Cerberus's picture
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Joined: 2005-09-07

It would be my delight to call you an idiot, especially in front of some other newbies, or even better,  in front of your family, although in light of this and your previous posts, they already know that.  Maybe it would shake you out of your current state of funk so you could have a successful career relating to people.   You've stated your opinion on this board and I'm calling you on it.   Don't want a response...don't post.   And if you think I'm offensive, god help you in this business.  You have no chance."advisory methodology" ??  I bet you have prospects throwing money at you with that one, better TM it. Is this a new Jones thing to be so touchy when someone mentions "partner"?? Webster-"partner" - def. "someone who shares with or associates with another in some action or endeavor"  

Jonesness's picture
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Joined: 2008-02-26

Cerberus,
You are over compansating for your lack of brains and balls...I know you are pissed off that I do not favor american funds..I seriously do not think you would call me an idiot, in front of my family, If I merely stated that I do not like American funds in person..The internet makes the little broker brave with his anonymity.... What do you think would happen if you did? I have no chance?? How long do you think I've been in this business?  Yes I have a methodology...obviously...you don't.... just buy american funds and keep your fingers crossed.  You are a SAD OLD MAN.

troll's picture
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Joined: 2004-11-29

And you obviously have nothing else better to do than to protect yourself on an anonymous forum.
 
You've been a member here for 3 days, and you already have 53 posts.
 
What do you think that says to us about how you spend your time?

Jonesness's picture
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Joined: 2008-02-26

Yes...I'm not working much..just planning my move out.  I get alot of good info from some very helpful anonymous forum members that have been in similar situations.  Actually, I've spoken to  2 real people via phone from this forum....so I am not anonymous.  Sorry if I come across as brash on these posts, I've said it before..I don't take crap and I call it like I see it.  Don't worry skippy and anyone else concerned, I'll be gone for good soon after I make my move.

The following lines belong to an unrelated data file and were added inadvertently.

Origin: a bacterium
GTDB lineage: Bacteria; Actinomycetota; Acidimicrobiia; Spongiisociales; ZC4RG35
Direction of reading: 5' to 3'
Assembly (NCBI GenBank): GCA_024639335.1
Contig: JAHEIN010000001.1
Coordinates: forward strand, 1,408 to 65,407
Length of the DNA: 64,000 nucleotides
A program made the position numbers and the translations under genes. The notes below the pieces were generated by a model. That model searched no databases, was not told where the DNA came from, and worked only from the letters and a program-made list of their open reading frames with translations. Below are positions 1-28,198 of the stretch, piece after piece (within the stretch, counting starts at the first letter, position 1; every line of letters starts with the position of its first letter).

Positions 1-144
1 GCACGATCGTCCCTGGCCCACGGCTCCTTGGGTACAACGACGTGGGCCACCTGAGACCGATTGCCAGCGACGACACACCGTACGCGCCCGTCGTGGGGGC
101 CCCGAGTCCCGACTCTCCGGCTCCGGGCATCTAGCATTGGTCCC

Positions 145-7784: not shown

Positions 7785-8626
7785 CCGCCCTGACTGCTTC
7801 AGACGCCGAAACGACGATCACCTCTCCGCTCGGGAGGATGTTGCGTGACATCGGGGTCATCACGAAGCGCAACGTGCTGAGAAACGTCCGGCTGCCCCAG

MISS JONES's picture
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Joined: 2007-08-28

Cerberus wrote:It would be my delight to call you an idiot, especially in front of some other newbies, or even better,  in front of your family, although in light of this and your previous posts, they already know that.  Maybe it would shake you out of your current state of funk so you could have a successful career relating to people.   You've stated your opinion on this board and I'm calling you on it.   Don't want a response...don't post.   And if you think I'm offensive, god help you in this business.  You have no chance."advisory methodology" ??  I bet you have prospects throwing money at you with that one, better TM it. Is this a new Jones thing to be so touchy when someone mentions "partner"?? Webster-"partner" - def. "someone who shares with or associates with another in some action or endeavor"  
 
FYI- Jonessess deal is he was a broker that transfered to EDJ a bit ago.. (from what i can gather) and didn't do his homeowrk and now is unhappy with the firm or more along the lines of the way we do business. So he is planning to move. He took over an office and also brought some assets. I hate to say it but this is exactly why I hate transfer brokers that come to Jones. (I should clarify.. Producing transfer brokers) Our way of doing business doesn't line up with the way most firms (other than Indy) do business and so often they are unhappy here and transfer out again.
 
Miss J

anabuhabkuss's picture
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Joined: 2005-05-02

Cerberus wrote:Offhand?  Nope. Put down a partner of mine, expect a response.  New Jones, your clients don't care about style boxes.  They care about educating their kids, retiring with some dignity, perhaps giving some money to their church or charity and leaving some money for the heirs.  With the next stage/NAV, clients care about low expenses, a consistent system, low turnover & not being embarrassed.  Started at Jones a long time ago with Weddle as my training partner.  Wish I had never sold a  share of Putnam, Colonial, Van Kamp or any of the other EDJ pref'd funds.  AF's has been a great partner for the last 3 decades for myself and more importantly for my clients.  Do yourself a favor, toss out the Morningstar boxes and listen to your clients.   You're going to encounter a lot worse things in your career than an AF's  ICA brochure.
 
Good for you. Not every FA have clients that are as naive. We are jealous however.

Broker24's picture
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Joined: 2006-10-12